A company will be permitted to exclude a shareholder proposal seeking a report assessing the environmental impacts of continuing to use “K-Cup Pods brand packaging.”  The company argued that the proposal is not economically relevant under Rule 14a-8(i)(5) and included a discussion of considerations by its board of directors, pursuant to the recent Staff Legal Bulletin 14I (SLB 14I).

In light of SLB 14I, which stated that the board of directors of a company is best positioned to consider whether a proposal is “otherwise significantly related to the company’s business,” the nominating and corporate governance committee considered the proposal’s significance.  This included both the economic contribution of licensing fees and royalty income from the sale of K-Cup pods as well as whether the proposal is otherwise significantly related to the company’s business.  The committee then reported on its findings and analysis, along with its recommendation, for the entire board to consider.

In its no-action letter, the company indicated that the committee considered the significance to the company of the gross sales and net earnings generated from sale of the pods along with the significance of the assets attributable to its licensing arrangements.  In terms of whether the proposal is otherwise significantly related to the company’s business, the company determined that the proposal does not address the company’s primary business operations as a franchisor of quick service restaurants, but instead focuses on “packaging used in certain products manufactured by third parties” under licensing agreements.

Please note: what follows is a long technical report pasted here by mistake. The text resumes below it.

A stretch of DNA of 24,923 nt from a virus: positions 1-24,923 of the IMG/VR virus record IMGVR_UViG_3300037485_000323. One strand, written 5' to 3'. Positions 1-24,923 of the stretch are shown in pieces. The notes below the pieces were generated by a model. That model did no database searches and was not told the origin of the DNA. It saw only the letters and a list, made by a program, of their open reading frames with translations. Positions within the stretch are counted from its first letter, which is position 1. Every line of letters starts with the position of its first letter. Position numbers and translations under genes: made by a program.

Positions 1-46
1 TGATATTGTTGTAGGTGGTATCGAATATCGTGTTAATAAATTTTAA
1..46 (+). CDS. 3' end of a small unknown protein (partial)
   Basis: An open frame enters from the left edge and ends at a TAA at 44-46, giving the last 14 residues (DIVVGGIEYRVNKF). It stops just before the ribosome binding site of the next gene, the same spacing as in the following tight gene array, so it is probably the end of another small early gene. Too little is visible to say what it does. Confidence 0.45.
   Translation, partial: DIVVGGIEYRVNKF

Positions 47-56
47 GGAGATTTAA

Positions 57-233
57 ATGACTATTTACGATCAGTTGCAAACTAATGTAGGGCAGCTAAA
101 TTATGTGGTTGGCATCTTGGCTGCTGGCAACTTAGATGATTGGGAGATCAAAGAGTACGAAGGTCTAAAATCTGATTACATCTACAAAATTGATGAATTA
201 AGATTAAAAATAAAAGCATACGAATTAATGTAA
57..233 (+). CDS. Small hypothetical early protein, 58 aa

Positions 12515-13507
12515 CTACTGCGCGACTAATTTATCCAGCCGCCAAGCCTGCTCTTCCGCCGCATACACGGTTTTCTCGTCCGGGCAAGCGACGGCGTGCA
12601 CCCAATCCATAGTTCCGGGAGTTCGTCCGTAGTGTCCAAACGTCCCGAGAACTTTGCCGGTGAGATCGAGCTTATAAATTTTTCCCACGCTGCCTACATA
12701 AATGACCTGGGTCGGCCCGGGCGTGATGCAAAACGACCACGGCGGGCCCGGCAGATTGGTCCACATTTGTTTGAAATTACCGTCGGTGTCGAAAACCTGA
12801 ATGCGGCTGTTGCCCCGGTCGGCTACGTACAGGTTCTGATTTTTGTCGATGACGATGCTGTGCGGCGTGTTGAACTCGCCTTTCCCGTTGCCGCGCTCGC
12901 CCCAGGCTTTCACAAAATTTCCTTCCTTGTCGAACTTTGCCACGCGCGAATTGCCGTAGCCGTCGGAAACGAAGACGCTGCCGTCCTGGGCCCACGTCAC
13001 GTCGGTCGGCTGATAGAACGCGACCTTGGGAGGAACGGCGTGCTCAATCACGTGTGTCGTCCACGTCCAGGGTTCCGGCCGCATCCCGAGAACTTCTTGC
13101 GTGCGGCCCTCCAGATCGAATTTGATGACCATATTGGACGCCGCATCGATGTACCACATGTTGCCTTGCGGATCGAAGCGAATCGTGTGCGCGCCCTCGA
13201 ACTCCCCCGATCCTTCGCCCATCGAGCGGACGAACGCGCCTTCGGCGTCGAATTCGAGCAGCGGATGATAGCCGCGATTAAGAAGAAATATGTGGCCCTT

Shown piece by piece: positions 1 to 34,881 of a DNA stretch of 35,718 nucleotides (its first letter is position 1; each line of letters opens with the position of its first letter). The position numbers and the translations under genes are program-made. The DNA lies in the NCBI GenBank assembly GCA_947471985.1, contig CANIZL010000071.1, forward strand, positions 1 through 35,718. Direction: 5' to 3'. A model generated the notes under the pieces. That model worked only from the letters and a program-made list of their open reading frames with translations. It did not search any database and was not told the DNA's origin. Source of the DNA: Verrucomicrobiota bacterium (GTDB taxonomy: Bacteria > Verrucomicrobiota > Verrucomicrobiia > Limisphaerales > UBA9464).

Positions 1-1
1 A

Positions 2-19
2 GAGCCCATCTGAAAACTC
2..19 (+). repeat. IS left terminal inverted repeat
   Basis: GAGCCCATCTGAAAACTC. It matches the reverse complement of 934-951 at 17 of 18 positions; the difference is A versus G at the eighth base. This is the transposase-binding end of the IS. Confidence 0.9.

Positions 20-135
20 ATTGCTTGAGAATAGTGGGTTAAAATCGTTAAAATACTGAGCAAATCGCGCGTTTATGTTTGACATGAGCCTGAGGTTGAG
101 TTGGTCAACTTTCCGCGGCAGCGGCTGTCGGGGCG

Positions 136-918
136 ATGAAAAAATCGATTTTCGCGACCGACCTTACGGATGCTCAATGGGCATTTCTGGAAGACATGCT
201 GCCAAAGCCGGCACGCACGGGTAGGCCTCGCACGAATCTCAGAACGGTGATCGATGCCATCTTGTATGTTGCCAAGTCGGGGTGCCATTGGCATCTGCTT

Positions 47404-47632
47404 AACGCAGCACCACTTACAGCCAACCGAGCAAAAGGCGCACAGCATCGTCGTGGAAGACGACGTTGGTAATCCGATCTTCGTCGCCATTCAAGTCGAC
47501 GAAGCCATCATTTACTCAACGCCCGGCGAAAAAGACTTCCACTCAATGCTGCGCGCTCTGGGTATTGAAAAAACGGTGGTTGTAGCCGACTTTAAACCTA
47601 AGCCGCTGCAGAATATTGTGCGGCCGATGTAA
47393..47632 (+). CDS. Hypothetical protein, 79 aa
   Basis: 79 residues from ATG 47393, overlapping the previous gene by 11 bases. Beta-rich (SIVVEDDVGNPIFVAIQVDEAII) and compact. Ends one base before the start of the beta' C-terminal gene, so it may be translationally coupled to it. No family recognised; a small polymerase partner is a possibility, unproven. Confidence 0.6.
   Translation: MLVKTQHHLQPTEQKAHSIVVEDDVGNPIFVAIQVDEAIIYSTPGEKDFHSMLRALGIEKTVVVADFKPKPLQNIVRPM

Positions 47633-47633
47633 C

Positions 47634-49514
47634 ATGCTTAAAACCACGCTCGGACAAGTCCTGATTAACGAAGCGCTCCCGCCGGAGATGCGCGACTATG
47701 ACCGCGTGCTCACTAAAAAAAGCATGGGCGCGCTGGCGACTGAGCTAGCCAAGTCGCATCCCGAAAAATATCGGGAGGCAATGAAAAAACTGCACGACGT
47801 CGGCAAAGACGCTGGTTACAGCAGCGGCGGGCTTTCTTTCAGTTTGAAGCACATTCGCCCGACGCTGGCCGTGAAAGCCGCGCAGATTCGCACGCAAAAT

The company noted that it is the licensing partner that is best positioned to understand the impact of material choice on the environment, and that the issue of pod packaging has not been raised by other shareholders.  A similar proposal was in the 2017 proxy materials and received less than 14% support.

The staff stated in their decision that the company may exclude the proposal “based on our review of your submission, including the description of how your board of directors has analyzed this matter.”  In addition to representing less than 5% of the company’s assets, net earnings and gross sales, the staff indicated that the proposal’s significance to the company’s business “is not apparent on its face, and that the Proponent has not demonstrated that it is otherwise significantly related to the [c]ompany’s business.”  There did not seem to be any additional correspondence from the proponent of the proposal in response to the company’s no-action letter.